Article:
The Ruby is a variant of the same breed, produced by a cross of Red-and-white, but Pyrames were sometimes red.

The Van Dyck red with white markings was probably a variant of the red-and-white Chinese and Italian Toy.

The Marlborough Blenheim was a cocking Spaniel, or Springer, and I cannot reiterate too often that he was not a Toy Spaniel, though he had probably a cross of the liver-and-white Toy dog of Anne of Cleves, and recently of the dome-headed Toy Spaniel He was used for woodcock shooting, and was not a lap dog. He has been crossed with the Toy Red-and-white comparatively recently. This is the real Blenheim of Blenheim, and his type may be seen in Larghilliere's picture of Prince James, but again I repeat that he is not an ancestor of our Toy Blenheim, which is not, properly speaking, a Blenheim in any sense of the word, having no connection with that place except by crosses which have been very undesirable for him.

The King Charles Black-and-tan was only crossed with the parti-coloured dogs at the beginning or just before the middle of the last century. The Black-and-white was probably only crossed with the Red-and-white after 1660 or thereabouts.

The present standard and scale of points has apparently no foundation earlier than 1885 or 1887.

It will be seen that there is a hopeless confusion in the naming of the breeds and in the type desired.

The chief reforms to be made in the present standard are as follows:

The size should be judged by height not weight, eleven inches being the maximum; the smaller the better, so long as type is not sacrificed. No Red-and-white, Tricolour or Ruby, over eleven inches should be awarded a championship. The Black-and-tans may be rather larger.

The head should be in perfect proportion and never too large or too small.

The tail should be raised, not carried low.

Symmetry should be an essential point.

Lively movement should also be essential, as well as a sprightly disposition.

The "spot" should be cultivated in the Tricolour as well as in the Red-and-white.

The ears, though wide apart, should be set rather high, not low.

The Black-and-tan may be curly or straight in coat, the curly coat being evidence of purer descent.

The Red-and-white should be either straight or wavy in coat, though I myself prefer a wavy coat. The Tricolour may be either wavy or curly, though I prefer the wavy coat.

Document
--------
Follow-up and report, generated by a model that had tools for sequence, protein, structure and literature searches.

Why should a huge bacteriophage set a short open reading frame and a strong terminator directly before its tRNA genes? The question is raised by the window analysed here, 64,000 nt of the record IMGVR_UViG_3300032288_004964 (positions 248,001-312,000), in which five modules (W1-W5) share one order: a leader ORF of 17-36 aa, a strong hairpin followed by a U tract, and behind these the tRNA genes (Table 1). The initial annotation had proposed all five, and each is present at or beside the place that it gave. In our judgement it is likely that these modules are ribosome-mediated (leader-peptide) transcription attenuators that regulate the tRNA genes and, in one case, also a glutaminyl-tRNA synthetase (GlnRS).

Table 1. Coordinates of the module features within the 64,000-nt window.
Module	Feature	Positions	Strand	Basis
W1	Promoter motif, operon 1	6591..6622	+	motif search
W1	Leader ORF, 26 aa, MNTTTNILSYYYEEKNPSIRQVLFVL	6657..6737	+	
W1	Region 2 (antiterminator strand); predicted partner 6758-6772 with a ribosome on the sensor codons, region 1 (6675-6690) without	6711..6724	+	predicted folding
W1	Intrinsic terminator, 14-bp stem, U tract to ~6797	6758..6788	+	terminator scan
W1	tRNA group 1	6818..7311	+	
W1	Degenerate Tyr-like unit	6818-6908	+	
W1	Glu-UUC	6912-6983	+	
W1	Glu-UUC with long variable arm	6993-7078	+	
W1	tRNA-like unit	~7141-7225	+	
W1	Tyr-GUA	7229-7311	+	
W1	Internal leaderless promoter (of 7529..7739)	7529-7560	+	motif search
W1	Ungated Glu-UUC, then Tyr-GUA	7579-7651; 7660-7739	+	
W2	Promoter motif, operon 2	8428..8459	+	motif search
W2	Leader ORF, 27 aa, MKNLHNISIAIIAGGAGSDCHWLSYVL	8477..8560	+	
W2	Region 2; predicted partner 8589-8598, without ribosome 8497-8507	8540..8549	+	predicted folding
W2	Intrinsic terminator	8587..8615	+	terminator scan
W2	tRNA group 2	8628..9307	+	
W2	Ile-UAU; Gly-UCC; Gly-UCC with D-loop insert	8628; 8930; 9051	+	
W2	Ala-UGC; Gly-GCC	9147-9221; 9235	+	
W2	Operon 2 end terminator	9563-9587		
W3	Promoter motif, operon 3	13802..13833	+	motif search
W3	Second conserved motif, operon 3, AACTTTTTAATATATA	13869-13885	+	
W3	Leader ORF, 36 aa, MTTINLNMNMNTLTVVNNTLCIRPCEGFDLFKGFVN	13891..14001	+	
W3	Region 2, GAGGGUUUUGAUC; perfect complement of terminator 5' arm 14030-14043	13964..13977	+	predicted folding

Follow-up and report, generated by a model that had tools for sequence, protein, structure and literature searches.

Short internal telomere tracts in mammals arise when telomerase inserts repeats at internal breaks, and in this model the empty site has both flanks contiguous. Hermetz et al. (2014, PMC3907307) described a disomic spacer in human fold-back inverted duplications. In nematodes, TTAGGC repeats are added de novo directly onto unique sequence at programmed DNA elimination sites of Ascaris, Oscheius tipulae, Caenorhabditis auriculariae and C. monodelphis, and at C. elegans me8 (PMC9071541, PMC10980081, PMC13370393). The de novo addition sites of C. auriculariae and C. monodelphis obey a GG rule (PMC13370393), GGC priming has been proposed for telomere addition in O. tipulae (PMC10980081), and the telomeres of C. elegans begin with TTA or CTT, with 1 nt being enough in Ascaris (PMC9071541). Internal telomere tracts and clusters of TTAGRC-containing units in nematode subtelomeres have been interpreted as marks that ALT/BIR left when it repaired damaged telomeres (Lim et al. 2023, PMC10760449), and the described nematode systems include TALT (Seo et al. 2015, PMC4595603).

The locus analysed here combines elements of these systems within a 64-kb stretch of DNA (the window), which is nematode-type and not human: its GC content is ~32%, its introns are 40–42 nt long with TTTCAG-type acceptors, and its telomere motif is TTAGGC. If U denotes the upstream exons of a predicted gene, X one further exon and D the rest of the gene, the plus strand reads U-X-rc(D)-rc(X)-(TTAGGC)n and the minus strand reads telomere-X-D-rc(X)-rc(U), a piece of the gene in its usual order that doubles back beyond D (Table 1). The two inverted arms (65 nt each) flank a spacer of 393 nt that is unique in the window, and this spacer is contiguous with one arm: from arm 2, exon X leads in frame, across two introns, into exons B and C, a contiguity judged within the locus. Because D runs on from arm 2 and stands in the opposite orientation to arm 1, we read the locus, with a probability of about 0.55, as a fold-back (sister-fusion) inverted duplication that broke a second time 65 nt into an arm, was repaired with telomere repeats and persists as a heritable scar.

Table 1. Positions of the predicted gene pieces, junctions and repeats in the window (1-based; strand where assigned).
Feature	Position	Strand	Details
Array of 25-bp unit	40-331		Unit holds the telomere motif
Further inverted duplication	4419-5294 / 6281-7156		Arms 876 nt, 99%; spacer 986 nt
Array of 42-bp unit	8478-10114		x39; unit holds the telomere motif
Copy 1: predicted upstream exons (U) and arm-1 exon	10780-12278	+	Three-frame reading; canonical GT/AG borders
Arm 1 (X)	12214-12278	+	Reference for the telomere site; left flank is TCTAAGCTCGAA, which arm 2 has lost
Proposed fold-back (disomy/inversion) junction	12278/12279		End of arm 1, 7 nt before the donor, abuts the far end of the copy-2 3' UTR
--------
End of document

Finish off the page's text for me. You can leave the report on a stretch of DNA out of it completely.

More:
I am perfectly well aware that in saying that the Black-and-tan may be curly I am laying myself open to execrations from the orthodox fanciers, to whom a straight coat is almost a religion. The facts, however, are there, and it is the province of an historian to deal with facts and not with fashions or prejudices. The Toy ancestor of the present King Charles was undoubtedly always curly - very curly - and, what is more, he remained curly till 1830, and we still see Woolmington's Jumbo curly in 1867. The King Charles has been curly for at least three centuries, and probably for as many more as he has existed, so no wonder our breeders find his coat a trouble to straighten out. The purer the strain the more curliness there will be, as the straight coat came from the cross of Pyrame Brevipilis (short haired).

I must repeat that the Red-and-white and Black-andtan were separate breeds - not only separate varieties of one breed - as was also the Marlborough. The red-and-white Toy and the black-and-white Toy were the Spaniels kept by the sister of King Charles and presumably by himself also, the original Tricolour being doubtless the produce of a cross between the two. The Black* and-tan had nothing to do with them until comparatively recently, when the Tricolour and Ruby were produced by crossing.

Miss Dillon, who kindly lent me certain pictures which represent the type of Woodstock Blenheim sixty years ago, always had a horror of what she called "black blood," and never would own a Blenheim "contaminated " by it